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World News in Brief: Shipwreck tragedy off Djibouti coast, drone attacks continue at Ukraine nuclear plant, Madagascar cyclone update

The incident took place at around 4 AM local time on Monday, about 200 meters offshore near the coastal town of Obock. 

Twenty-two people were rescued by local fishermen and are being given treatment and support by IOM, agency spokesperson Yvonne Ndege told UN News in an exclusive interview.

At least six others are missing and presumed dead. Around 66 migrants in total were onboard travelling across the Gulf of Aden, from Yemen to Djibouti.

Well-travelled route

Every year thousands of migrants from the Horn of Africa, especially Ethiopia and Somalia, leave their homes in a bid to reach Gulf countries for work, travelling through Djibouti and across the Gulf of Aden.

But many find themselves stranded in Yemen, facing severe hardships amidst the ongoing war and economic crisis there. 

They are also at risk of abuse by smugglers and traffickers and have to contend with perilous sea journeys on their way back. 

“With reference to this latest tragedy these were migrants from the Horn of Africa predominantly from Ethiopia who were traveling back to Djibouti,” Ms. Ndege said.

Further drone attack on Zaporizhzhia nuclear plant an ‘ominous development’

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A further drone attack on Europe’s biggest nuclear power plant at Zaporizhzhia marks an “ominous development” and a major worsening of safety and security, the head of the UN atomic watchdog, the IAEA, said on Tuesday.

Director General Rafael Grossi said the agency’s team of experts stationed at the plant – who verified the impact of several such attacks on the Russian-occupied plant on Sunday – reported hearing bursts of rifle fire followed by a loud explosion at 11:05am local time.

This was the same time that the plant later said an incoming drone had detonated on the roof of the facility’s training centre.

The incident adds to deepening concern over the already highly precarious nuclear safety and security situation at Europe’s largest nuclear power plant, the ZNPP, which has been shelled several times since the conflict started in February 2022 and lost all off-site power eight times.

The training centre is located just outside the site perimeter, around half a kilometre from reactor unit 1, and the incident did not pose any threat to nuclear safety and security at the ZNPP, whose six reactors have all been shut down for the past 20 months.

‘Playing with fire’

However, there are ZNPP staff routinely present there. The IAEA team requested immediate access to the building to assess the possible impact but was informed that the military security situation did not allow it. 

“Today’s reported incident – although outside the site perimeter – is an ominous development as it indicates an apparent readiness to continue these attacks, despite the grave dangers they pose to nuclear safety and security and our repeated calls for military restraint”, said Mr. Grossi.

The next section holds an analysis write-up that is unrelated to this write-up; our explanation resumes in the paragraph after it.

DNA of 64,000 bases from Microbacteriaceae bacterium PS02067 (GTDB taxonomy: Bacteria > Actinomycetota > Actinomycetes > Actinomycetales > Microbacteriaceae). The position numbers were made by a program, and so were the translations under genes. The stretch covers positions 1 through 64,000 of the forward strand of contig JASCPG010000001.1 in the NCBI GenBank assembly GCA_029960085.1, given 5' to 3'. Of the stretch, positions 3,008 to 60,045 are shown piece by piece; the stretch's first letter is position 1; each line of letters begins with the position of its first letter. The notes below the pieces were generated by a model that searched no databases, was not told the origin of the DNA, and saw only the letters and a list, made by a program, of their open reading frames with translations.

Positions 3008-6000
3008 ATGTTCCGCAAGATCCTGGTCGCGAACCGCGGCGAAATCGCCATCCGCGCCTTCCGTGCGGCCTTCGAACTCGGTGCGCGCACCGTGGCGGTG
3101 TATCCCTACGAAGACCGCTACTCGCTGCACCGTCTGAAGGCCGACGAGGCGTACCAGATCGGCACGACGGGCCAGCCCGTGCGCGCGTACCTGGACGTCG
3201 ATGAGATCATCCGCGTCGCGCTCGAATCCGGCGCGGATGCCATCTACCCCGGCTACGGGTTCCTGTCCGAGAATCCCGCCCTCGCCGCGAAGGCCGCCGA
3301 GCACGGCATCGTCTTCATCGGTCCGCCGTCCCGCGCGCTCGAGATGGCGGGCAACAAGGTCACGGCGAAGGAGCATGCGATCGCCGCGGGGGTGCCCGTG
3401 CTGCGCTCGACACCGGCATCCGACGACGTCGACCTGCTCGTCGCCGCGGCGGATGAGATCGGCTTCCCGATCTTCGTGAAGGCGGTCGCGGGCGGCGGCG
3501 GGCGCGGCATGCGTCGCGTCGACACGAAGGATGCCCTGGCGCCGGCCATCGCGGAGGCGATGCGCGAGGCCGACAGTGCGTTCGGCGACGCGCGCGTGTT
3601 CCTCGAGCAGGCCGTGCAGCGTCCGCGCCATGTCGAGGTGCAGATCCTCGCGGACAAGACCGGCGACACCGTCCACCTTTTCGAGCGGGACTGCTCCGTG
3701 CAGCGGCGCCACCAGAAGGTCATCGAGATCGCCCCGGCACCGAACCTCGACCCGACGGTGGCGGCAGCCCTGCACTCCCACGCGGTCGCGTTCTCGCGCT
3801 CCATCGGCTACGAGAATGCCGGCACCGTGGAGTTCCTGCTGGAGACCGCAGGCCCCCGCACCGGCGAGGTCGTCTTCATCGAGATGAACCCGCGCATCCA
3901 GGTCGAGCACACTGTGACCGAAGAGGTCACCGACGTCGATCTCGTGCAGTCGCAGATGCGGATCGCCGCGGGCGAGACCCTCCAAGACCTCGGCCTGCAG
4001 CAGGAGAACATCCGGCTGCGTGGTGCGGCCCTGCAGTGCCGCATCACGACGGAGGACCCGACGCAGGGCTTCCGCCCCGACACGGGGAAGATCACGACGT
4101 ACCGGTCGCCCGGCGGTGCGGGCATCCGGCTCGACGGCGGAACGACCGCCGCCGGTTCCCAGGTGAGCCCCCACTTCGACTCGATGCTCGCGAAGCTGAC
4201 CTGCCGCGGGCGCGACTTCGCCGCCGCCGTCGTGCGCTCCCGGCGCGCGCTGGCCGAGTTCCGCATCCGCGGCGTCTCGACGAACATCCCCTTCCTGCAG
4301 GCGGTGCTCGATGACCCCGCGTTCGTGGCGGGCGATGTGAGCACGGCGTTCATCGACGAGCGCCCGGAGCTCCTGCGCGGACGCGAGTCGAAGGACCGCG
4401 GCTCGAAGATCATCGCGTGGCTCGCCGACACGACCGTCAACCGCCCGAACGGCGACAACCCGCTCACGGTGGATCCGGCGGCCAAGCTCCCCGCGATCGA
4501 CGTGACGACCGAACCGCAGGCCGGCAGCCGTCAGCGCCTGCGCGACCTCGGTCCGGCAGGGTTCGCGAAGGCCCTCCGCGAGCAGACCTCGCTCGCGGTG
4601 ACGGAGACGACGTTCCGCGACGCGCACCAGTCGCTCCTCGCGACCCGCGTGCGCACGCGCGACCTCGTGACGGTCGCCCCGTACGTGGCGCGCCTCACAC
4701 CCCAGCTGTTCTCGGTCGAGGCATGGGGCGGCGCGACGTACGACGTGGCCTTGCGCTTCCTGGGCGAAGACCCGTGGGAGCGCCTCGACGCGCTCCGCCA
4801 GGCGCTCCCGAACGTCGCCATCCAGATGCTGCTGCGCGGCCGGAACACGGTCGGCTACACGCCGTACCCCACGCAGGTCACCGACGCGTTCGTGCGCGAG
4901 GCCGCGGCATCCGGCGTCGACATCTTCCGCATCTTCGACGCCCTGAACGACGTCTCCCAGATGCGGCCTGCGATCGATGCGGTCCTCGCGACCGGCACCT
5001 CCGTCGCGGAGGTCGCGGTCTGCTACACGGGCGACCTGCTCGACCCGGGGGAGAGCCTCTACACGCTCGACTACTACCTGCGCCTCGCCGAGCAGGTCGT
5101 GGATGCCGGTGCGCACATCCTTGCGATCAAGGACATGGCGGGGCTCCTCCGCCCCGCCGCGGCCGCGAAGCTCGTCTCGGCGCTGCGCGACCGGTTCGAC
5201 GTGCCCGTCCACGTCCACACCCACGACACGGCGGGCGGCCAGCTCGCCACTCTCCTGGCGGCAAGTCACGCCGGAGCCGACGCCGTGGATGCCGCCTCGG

“Whoever is behind them, they are playing with fire. Attacking a nuclear power plant is extremely irresponsible and dangerous, and it must stop,” he added. 

Over 200,000 need humanitarian aid following Madagascar cyclone

An estimated 220,000 people require immediate humanitarian assistance due to the catastrophic impact of Tuesday’s tropical cyclone Gamane in northeast Madagascar.

The storm made landfall on March 27 in the northeast of Madagascar, wreaking havoc in the regions of Analanjirofo, Diana, Atsinanana, and Sava. 

“The cyclone exacerbates the hardships of populations already burdened by multiple crises,” said Roger Charles Evina, IOM Chief of Mission in Madagascar. 

“El Nino conditions resulted in erratic rainfalls in the past months, with populations in the Grand Sud bracing for a severe drought, while Tropical Storm Alvaro in January and excessive rainfall in February have resulted in major flooding in the north and southwestern regions, affecting close to 52,000 people.”  

In response to the devastation caused, IOM participated in a joint aerial assessment conducted on 30 March by humanitarian partners and the National Office for Risks and Disaster Management.

Initial reports indicate that over 535,000 people have been affected across 33 flooded communes, with 18 people killed and 22,000 persons displaced. 

Close to 19,000 homes were flooded and extensive damage are reported on roads and essential infrastructures, including 22 health centres and 135 schools.

More than 2,200 hectares of rice fields face the risk of being silted, jeopardising livelihoods of populations across the affected areas. 

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